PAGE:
When it comes to the in-store experience itself, the nostalgia HBC sought was felt by longtime Burlington resident N’gaire Lynn – at first.

She couldn’t hide the excitement in her Scottish brogue saying on CBC radio Cost of life she phoned nearly half a dozen of her friends about the return of her favorite department store.

It’s not Zellers. This is a used part of The Bay. Sorry. Won’t wash with me.– N’gaire Lynn

“Guys, Zellers is back! ” she said. “They told me, I guess you go in the morning. Oh, I’m gonna go. “

Lynn was less excited once she got to the Zellers.

LISTEN | Hear from buyers of the Zellers pop-up store:

Cost of life4:27Is the lowest price still the law? Zellers returns to pop-up stores

“It’s not Zellers. This is a used part from La Baie. Sorry. I’m not going to wash my hair with me, ”she said, browsing mini food processors priced at $ 69.99 and plaid shirts priced over $ 50.

Nostalgia – and a potential marketing test

According to retail experts, HBC could test whether Zellers still has weight as a brand.

Janice Rudkowski, assistant professor at the Ted Rogers School of Retail Management at Ryerson University in Toronto, researched ephemeral retail and hypothesized that HBC could use the centre’s retail experience. Burlington Center shopping to research what will follow.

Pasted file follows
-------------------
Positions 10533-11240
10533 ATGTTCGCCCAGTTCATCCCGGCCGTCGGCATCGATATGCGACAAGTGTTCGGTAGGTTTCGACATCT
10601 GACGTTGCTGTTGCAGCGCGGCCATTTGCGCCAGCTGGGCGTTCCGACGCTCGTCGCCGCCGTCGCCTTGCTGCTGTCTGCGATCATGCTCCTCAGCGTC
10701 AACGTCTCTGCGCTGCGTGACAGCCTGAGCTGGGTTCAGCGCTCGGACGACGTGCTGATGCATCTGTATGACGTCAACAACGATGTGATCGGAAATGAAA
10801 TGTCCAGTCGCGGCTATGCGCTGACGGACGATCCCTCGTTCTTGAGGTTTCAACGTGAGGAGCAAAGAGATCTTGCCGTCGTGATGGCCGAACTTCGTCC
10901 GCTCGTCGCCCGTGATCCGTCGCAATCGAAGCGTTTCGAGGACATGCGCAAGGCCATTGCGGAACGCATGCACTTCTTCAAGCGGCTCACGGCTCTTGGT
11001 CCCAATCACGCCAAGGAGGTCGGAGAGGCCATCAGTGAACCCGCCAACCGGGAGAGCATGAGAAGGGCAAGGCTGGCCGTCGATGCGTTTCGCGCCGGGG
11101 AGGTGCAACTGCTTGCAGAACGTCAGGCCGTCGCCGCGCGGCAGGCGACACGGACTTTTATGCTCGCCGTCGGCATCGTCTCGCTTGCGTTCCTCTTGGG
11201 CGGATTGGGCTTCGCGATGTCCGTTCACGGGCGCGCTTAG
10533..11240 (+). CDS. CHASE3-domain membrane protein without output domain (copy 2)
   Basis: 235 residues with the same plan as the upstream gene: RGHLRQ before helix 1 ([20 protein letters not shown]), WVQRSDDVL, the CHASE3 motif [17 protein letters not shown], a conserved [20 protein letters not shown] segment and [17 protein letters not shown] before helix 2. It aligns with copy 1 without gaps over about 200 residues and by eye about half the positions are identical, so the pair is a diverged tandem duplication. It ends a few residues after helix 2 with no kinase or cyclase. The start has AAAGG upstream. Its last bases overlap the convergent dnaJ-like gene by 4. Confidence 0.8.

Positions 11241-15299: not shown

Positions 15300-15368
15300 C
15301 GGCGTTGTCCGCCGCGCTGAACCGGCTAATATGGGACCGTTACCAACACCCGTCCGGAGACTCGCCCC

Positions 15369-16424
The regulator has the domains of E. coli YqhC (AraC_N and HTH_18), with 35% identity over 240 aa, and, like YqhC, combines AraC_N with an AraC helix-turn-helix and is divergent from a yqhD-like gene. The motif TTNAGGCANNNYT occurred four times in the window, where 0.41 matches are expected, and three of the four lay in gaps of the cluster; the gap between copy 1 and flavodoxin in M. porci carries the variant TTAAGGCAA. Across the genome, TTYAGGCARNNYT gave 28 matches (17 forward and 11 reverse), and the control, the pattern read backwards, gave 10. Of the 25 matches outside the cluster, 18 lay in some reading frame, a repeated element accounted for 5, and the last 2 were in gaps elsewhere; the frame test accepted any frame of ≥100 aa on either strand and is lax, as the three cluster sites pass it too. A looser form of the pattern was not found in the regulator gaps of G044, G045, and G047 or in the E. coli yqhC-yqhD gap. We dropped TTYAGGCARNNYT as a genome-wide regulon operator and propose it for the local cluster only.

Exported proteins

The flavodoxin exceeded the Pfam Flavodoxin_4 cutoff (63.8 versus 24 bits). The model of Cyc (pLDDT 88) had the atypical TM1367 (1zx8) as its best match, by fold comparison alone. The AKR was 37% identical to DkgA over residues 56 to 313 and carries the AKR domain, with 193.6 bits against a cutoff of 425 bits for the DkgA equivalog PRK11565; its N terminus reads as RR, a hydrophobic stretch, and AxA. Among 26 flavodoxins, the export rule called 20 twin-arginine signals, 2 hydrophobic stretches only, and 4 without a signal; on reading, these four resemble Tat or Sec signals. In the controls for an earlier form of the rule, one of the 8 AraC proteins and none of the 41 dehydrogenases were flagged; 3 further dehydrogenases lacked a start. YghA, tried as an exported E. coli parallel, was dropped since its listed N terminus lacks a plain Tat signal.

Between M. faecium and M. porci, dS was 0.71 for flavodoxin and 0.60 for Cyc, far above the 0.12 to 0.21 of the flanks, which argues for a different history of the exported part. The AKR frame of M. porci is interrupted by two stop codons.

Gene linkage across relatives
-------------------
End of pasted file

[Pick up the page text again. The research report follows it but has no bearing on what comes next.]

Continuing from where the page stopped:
Cost-of-living producer Anis Heydari isn’t sure if the lowest price is the law when it comes to $ 55 plaid shirts at Burlington Center Hudson’s Bay. (Anis Heydari/CBC)

“Maybe this will give them some insight into the investment they want to invest in the Zellers brand in the future,” said Rudkowski, who added that the company can collect information and data while running. of the pop-up window. The company said future Zellers stores could be introduced in other locations.

Rudkowski also pointed out that Zellers still resonates with Canadians as a brand, so capitalizing on the nostalgia might be in order, if not Club Z points.

“I’m sure a lot of people think back to their own childhood and remember Zellers as being a very important part of that childhood, so it appeals to nostalgia, and it’s pretty powerful,” Rudkowski said.

“Many memories come back”

Customers strolling the Zellers section of the bay in Burlington clearly described their feeling of nostalgia when they saw the familiar logo on the walls.

“You just see the name and it pops up and a lot of memories come back,” said Jennifer Morris, who was shopping with Katie Bennink late on a Tuesday morning.

Jennifer Morris, left, and Katie Bennink said they were unlikely to return to the Zellers pop-up, with Bennink calling it “the bay with a few Zellers signs.” (Anis Heydari/CBC)

Both buyers said they were unlikely to return just because of those Zellers panels.

“It looks like the bay with Zellers panels,” Bennink said.

to listen Cost of life on CBC Radio One Sundays at 12 p.m. (12:30 p.m. NT) or download the podcast every Friday night.


Please enter your comment!
Please enter your name here